Are you sure that the food you eat is taken care of with the highest international Food Safety standard?

When the Department of Agriculture Regional Field Office No. 02 (DA RFO 02) found out that pesticide residues are high in vegetables and fruits, the agency has to intervene.

The Food Safety Act of 2013 or also known as Republic Act 10611 is an Act to Strengthen the Food Safety Regulatory System in the Country to Protect Consumer Health and Facilitate Market Access of Local Foods and Food Products for Other Purposes.

DA RFO 02 tapped the Local Government Unit of Santiago City to pilot the testing and monitoring of products specifically vegetables to guarantee that the products they sell at the local markets are pesticide safe.

In series of meetings and consultations, DA RFO 02 and Santiago City came up with a team to conduct Rapid Testing Kit (rtk) every day at 11 p.m. in identified entry points at the local markets.

With the support of stakeholders, vegetable growers and associations, results of RTK were brought to the Cagayan Valley Integrated Agricultural Laboratory (CVIAL) in Tuguegarao City.

On April 12, 2019, the Santiago City Food Program Update and Coordination Meeting were conducted to present the result of the analyses on the prior testing.

The team found out that almost all samples were positive with carbamates in a high percentage of 97. 61 percent of all samples analyzed were above the maximum residue limit (MRL).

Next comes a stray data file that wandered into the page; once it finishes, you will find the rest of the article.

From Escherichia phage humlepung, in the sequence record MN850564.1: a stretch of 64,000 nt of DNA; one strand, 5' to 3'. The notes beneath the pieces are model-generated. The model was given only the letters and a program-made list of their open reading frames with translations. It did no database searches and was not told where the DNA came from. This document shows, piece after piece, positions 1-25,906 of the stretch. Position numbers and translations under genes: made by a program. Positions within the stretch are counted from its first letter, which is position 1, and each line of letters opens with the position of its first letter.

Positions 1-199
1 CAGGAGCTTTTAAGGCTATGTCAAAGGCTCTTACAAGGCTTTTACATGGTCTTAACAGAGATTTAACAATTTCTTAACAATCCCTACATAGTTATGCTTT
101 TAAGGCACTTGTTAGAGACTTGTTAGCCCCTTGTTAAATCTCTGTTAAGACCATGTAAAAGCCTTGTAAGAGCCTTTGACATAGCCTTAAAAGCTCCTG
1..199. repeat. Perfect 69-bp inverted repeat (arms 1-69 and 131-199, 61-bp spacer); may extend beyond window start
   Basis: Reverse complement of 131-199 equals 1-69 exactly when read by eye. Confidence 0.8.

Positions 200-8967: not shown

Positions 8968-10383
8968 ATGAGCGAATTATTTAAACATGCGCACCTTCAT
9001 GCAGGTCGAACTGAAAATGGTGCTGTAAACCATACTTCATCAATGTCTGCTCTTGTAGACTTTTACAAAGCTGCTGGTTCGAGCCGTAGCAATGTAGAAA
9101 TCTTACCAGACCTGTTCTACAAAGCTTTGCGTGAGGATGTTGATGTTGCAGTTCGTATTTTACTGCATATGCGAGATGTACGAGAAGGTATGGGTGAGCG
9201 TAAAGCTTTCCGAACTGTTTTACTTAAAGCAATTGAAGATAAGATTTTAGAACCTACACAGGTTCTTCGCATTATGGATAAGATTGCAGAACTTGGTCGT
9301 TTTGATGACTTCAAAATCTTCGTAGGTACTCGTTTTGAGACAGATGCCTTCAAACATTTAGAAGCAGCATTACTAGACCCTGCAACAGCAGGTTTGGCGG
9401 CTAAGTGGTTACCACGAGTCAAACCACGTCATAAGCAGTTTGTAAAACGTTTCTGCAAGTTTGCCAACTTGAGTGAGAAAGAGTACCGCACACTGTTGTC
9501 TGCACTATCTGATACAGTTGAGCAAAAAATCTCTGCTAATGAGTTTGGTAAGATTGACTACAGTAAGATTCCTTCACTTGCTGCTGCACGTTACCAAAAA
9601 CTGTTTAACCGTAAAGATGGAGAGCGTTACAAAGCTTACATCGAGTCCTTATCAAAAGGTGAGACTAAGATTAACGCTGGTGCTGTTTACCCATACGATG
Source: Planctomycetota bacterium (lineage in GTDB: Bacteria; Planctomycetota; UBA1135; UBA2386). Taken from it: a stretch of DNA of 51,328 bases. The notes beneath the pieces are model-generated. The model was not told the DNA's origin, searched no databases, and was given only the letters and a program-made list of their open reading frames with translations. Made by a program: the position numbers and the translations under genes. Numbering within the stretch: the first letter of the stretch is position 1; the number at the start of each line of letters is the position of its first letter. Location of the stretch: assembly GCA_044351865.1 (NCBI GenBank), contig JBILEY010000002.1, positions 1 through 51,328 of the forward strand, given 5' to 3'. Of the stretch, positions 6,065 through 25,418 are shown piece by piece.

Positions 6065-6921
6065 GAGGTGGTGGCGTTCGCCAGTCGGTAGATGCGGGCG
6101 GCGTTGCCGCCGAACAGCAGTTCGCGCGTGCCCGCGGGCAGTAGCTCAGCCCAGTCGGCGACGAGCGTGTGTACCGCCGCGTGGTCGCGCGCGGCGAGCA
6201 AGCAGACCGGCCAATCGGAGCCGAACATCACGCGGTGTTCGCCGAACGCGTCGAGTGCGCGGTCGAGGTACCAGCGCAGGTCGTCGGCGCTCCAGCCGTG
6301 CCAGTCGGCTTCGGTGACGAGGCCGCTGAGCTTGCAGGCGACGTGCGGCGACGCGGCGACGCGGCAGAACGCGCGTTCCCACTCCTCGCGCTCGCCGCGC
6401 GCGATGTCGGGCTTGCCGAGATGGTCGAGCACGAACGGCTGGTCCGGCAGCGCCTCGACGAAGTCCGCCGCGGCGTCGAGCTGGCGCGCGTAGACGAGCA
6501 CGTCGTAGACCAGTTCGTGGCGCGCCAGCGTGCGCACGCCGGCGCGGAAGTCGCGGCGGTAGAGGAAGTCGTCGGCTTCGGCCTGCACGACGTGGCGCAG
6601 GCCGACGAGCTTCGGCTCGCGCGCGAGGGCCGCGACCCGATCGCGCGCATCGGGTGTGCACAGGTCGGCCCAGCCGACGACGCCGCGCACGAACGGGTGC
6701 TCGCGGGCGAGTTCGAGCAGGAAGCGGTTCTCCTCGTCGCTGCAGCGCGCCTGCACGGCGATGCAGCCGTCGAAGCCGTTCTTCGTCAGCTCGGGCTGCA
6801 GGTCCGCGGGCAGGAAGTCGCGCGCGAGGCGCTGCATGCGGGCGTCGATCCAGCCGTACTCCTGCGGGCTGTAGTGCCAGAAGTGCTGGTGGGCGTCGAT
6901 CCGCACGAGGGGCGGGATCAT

OIC-Regional Technical Director for Research and Regulatory Rose Mary G. Aquino said that with the support of everyone the end goal to eradicate the alarming increase of illnesses, from food and water-borne diseases and unsanitary, misbranded foods that will at least help the people of Cagayan Valley.

“We started this program to help educate our farmers and create awareness to our consumers if they really know where their food is coming from,” she lamented, adding “that we should advocate this endeavor especially that it concerns our health.”

DA RFO 02 Executive Director Narciso A. Edillo emphasized the importance of shared responsibility in producing safe and quality foods for the consumers.

“At this time, not only that vegetables will be prioritized, but also we will start to test fruits, livestock and other agricultural commodities,” he said.

The city government also received RTKs and pieces of training related to product handling like Good Agricultural Practices.

Santiago City today is moving forward to its goal in securing safe and accessible food for its citizen.

The said event was also an avenue to encourage other LGUs to do the best practices of Santiago City.

Pesticide safe vegetables wrapped in banana leaves were displayed at the local markets to promote the advocacies both concerning our health and the environment.